What Does It Mean When a Cat Buries Its Head in Your Arm?

Take your kitty's bunting behavior as a compliment.
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If you're a genuine devotee of the kitty species, then you may be familiar with the concept of bunting -- when a cat bumps her head into you, whether your arm, face or anywhere else. If your kitty buries her face in your arm, she's basically giving you her scent.


If your cute kitty head-butts you, it isn't solely an act of friendship or love, although those components are definitely there too. According to ASPCA Professional, the act is aimed at marking you with a scent. Cats are territorial little creatures. Felines give off facial pheromones via scent glands on their cheeks. The oily emissions not only serve to claim you as her "property," they also soothe and relax your cat.


Your cat burying her head into you doesn't always mean that she's marking you, however. In some cases, the action can indicate a desire for attention. If your cutie buries her head into your arm and then immediately follows it with tilting her head and extending her neck out to you, it may mean that she wants you to give her some friendly scratches or strokes.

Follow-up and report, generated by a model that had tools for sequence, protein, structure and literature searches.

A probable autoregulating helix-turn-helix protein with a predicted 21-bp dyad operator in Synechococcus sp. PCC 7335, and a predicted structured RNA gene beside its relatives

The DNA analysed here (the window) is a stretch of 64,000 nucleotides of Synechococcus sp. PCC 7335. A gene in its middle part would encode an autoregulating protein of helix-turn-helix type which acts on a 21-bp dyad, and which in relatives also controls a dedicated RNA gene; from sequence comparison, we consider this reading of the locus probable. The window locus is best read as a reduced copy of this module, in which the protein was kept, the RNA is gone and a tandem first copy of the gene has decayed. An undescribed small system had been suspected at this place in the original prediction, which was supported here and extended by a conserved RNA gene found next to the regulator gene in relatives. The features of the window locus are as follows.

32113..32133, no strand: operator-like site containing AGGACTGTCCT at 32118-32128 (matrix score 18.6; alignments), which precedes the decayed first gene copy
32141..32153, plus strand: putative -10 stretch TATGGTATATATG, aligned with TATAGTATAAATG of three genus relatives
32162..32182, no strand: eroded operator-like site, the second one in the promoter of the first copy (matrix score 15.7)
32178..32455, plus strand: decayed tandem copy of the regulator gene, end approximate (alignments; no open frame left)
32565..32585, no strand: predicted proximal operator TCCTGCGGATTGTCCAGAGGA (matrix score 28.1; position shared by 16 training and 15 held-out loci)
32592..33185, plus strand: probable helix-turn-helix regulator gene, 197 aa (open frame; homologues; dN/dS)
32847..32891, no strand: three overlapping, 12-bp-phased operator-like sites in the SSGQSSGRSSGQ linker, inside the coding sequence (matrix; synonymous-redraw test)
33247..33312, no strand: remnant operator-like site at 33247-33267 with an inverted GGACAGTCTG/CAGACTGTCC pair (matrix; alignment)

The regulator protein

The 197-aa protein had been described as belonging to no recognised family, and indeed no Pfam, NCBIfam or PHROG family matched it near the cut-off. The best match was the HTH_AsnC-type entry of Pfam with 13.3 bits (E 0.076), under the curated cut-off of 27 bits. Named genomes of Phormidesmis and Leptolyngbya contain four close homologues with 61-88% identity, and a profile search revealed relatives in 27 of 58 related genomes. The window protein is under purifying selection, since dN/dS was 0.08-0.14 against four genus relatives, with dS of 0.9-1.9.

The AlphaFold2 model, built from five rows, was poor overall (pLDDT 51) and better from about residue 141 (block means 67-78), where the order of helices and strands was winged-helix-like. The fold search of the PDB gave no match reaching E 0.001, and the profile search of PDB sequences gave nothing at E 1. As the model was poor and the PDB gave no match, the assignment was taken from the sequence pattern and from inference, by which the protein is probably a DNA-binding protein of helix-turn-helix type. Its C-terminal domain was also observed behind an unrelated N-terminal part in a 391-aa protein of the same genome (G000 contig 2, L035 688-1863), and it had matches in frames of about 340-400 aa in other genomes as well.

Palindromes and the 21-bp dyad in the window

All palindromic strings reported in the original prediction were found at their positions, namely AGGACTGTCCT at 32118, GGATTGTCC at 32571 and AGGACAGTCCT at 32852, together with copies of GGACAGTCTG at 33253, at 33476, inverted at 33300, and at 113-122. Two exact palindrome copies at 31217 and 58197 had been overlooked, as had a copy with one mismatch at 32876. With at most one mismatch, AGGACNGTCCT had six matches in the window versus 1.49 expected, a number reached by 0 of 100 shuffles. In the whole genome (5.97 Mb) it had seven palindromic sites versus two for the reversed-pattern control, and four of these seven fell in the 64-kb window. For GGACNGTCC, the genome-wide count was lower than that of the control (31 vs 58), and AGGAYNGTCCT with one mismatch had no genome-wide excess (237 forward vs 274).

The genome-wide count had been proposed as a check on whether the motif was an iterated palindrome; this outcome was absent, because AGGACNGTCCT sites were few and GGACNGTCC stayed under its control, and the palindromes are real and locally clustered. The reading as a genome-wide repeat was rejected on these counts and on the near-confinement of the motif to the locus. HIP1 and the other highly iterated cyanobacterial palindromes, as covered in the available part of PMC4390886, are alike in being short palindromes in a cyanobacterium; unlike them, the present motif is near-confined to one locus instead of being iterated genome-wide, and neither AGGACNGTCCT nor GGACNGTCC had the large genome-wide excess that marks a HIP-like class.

Although a cat marking you does often mean that she's marking you as her turf, the act isn't really a selfish one, at least not fully. By marking you with her face and head, your pet is trying to make sure you smell just like her. If you smell like your cat, you function as a source of comfort and familiarity to her. The more comforting your presence is to your cat, the more she'll adore you. A pretty sweet deal in a lot of ways.

Other Cats

If you notice your cat burrowing her head into another feline's head, she's probably doing the same thing that she does to your arm -- giving off her scent. However, cats also often bunt their close relatives as a happy greeting of sorts. When a cat bunts another, it's surely a sign of a close and trusting rapport. The urge to spread scent is by no means a hostile one. In fact, the cozy gesture is similar to a hug, in a way!

Always check with your veterinarian before changing your pet’s diet, medication, or physical activity routines. This information is not a substitute for a vet’s opinion.

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